In an era when sweating is considered a sign of a good practice!

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Dr Kausthub Desikachar.  

Hathayogapradipika Jyotsnayuta 11.12

kaniyasi bhavet svedah kampo bhavati madhyame

uttame stanamapnoti tato vayum nibandhayet. 

Kaniyasi = in inferior practice/in initial stages

Bhavet = generates

Svedah = sweat

Kampah =shiver

Bhavati = manifests

Madhyame = in the intermediate practice

Uttame = in the best practice

Sthanam = the place

Apnoti = attains

tatah = therefore

Vayum = the air

Nibandhayet = one should restrain.

 “In the initial stage, sweat is generated, and in the intermediary stage, there is trembling (throughout the body) in the highest stage the breath reached the (central) place (the Brahmarandhra.) Therefore (one) should restrain the breath.”

 The signs of lower, intermediate and higher stages of Pranyama are described.  Lower Pranayama causes sweating or excessive perspiration. The pranayama’s inferiority is inferred by the sweating.

 The intermediary (stage of) Pranayama causes trembling through the body. Therefore the intermediary stage of pranayama can be inferred by trembling. In the highest practice of pranayama one attains the place (known as) Brahmarandhra. The highest stage of Pranayama is inferred by (Prana) reaching that (highest) place. The Yogin then becomes motionless, meaning beyond change, and therefore beyond time.  Therefore one should control the breath by all means.

 Brahmarandhra = (cave of Brahma) the Brahmarandhra is considered to be an opening in the crown of the head through which the spirit is said to depart from the body at death. It is also considered to be the seat of our limitless potential.Perspiration happens in the initial stags because when a person begins the practice of breath regulation, his or her breathing will usually be short and not subtle enough.  The Yogin-s attributed this to resistance to the movement of prana through the nadi-s. This is due to the fact that, at this stage of practice, the nadi-s are usually far from being clean, and hence has many blockages, resulting in tense muscles and short breath. So it makes sense that sweat and perspiration will be the result when attempting to lengthen the breath it is is still short and heavy.  And normally when our breath is short and heavy, we tend to perspire more.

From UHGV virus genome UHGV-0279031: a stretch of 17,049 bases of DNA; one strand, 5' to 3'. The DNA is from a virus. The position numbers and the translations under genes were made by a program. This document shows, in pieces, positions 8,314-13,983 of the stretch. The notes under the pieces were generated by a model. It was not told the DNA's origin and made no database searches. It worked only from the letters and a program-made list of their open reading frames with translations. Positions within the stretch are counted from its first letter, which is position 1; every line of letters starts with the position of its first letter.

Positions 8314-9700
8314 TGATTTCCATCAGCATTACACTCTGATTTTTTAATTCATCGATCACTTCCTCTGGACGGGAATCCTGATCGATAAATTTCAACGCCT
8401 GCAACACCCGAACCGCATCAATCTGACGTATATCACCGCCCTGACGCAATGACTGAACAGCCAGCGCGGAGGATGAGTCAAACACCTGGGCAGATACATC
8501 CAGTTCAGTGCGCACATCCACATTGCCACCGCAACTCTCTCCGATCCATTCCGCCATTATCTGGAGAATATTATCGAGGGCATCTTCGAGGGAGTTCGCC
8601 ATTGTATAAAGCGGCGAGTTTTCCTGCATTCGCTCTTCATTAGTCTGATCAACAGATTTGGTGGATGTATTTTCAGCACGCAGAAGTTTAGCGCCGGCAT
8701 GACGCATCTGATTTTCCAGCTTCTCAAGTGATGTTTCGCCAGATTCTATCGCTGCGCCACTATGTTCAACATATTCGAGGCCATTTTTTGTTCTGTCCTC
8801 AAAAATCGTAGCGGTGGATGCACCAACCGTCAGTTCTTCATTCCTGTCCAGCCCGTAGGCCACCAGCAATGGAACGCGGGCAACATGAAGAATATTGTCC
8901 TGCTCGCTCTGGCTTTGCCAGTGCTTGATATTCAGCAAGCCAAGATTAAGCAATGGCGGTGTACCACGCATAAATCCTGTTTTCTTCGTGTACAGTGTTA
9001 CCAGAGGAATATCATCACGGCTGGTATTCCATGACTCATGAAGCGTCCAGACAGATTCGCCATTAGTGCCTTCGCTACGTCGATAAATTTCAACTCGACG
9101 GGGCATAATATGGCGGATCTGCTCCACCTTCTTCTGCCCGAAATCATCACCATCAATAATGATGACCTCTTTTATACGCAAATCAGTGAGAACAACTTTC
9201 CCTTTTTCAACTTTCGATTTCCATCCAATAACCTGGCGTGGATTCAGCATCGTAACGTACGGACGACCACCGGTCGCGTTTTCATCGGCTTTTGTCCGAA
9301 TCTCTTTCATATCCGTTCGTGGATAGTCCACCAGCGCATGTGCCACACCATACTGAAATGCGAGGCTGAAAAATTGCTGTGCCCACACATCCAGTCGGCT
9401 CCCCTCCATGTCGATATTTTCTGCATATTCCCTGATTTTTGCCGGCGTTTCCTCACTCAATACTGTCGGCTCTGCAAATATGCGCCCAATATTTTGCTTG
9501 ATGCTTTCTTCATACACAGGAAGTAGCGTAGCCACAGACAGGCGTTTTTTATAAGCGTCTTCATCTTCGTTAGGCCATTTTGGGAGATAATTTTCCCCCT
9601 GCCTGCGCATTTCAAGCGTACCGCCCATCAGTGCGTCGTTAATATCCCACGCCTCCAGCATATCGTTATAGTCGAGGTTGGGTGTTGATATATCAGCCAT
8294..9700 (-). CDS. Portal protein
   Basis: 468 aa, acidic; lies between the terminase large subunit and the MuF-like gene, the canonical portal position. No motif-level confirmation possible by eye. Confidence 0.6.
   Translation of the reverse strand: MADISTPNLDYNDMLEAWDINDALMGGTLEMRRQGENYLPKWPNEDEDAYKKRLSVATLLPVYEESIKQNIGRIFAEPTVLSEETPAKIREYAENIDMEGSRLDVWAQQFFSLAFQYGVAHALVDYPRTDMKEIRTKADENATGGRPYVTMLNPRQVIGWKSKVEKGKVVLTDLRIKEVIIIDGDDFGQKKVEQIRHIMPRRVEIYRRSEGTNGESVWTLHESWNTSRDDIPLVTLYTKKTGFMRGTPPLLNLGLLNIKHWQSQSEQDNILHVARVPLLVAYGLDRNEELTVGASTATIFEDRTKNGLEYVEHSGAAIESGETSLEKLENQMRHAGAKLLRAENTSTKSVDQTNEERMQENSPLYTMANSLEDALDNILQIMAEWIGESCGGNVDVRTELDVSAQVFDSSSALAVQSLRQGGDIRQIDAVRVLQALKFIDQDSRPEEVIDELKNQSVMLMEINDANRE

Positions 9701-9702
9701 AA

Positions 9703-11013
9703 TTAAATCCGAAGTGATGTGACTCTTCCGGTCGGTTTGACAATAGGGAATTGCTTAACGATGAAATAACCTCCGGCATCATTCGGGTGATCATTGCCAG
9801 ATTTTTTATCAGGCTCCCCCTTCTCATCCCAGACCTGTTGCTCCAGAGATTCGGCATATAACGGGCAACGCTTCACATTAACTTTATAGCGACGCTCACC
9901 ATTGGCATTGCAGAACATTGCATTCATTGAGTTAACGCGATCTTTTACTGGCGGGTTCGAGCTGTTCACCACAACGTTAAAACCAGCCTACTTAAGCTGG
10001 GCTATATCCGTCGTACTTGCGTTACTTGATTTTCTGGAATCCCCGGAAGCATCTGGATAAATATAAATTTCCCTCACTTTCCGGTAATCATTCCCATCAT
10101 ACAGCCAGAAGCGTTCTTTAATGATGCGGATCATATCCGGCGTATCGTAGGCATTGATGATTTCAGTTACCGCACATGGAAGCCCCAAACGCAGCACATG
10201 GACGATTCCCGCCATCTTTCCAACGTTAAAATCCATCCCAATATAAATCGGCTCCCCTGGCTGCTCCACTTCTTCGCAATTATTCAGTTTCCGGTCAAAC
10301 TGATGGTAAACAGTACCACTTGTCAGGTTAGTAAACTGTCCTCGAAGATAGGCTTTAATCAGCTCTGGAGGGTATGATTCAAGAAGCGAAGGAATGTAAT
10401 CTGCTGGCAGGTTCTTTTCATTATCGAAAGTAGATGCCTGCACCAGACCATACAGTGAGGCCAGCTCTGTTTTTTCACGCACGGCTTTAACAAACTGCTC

Also pranayama influences the relaxation and contraction of muscles. So when there is an effort to extend the breath beyond its usual capacity, initially the muscles also have to work harder than they are normally used to, resulting in perspiration.

 It is important to reflect that the author and commentator call this stage the inferior stage, meaning there are better possibilities ahead. In an era when sweating is considered a sign of a good workout, this message brings some food for thought.  The yogin-s believed that when the whole body, in all its holistic dimensions, is in good harmony and health, we can practice without sweating. The body is so efficient that it feels as if no effort is required at all. That is the highest state of health. 

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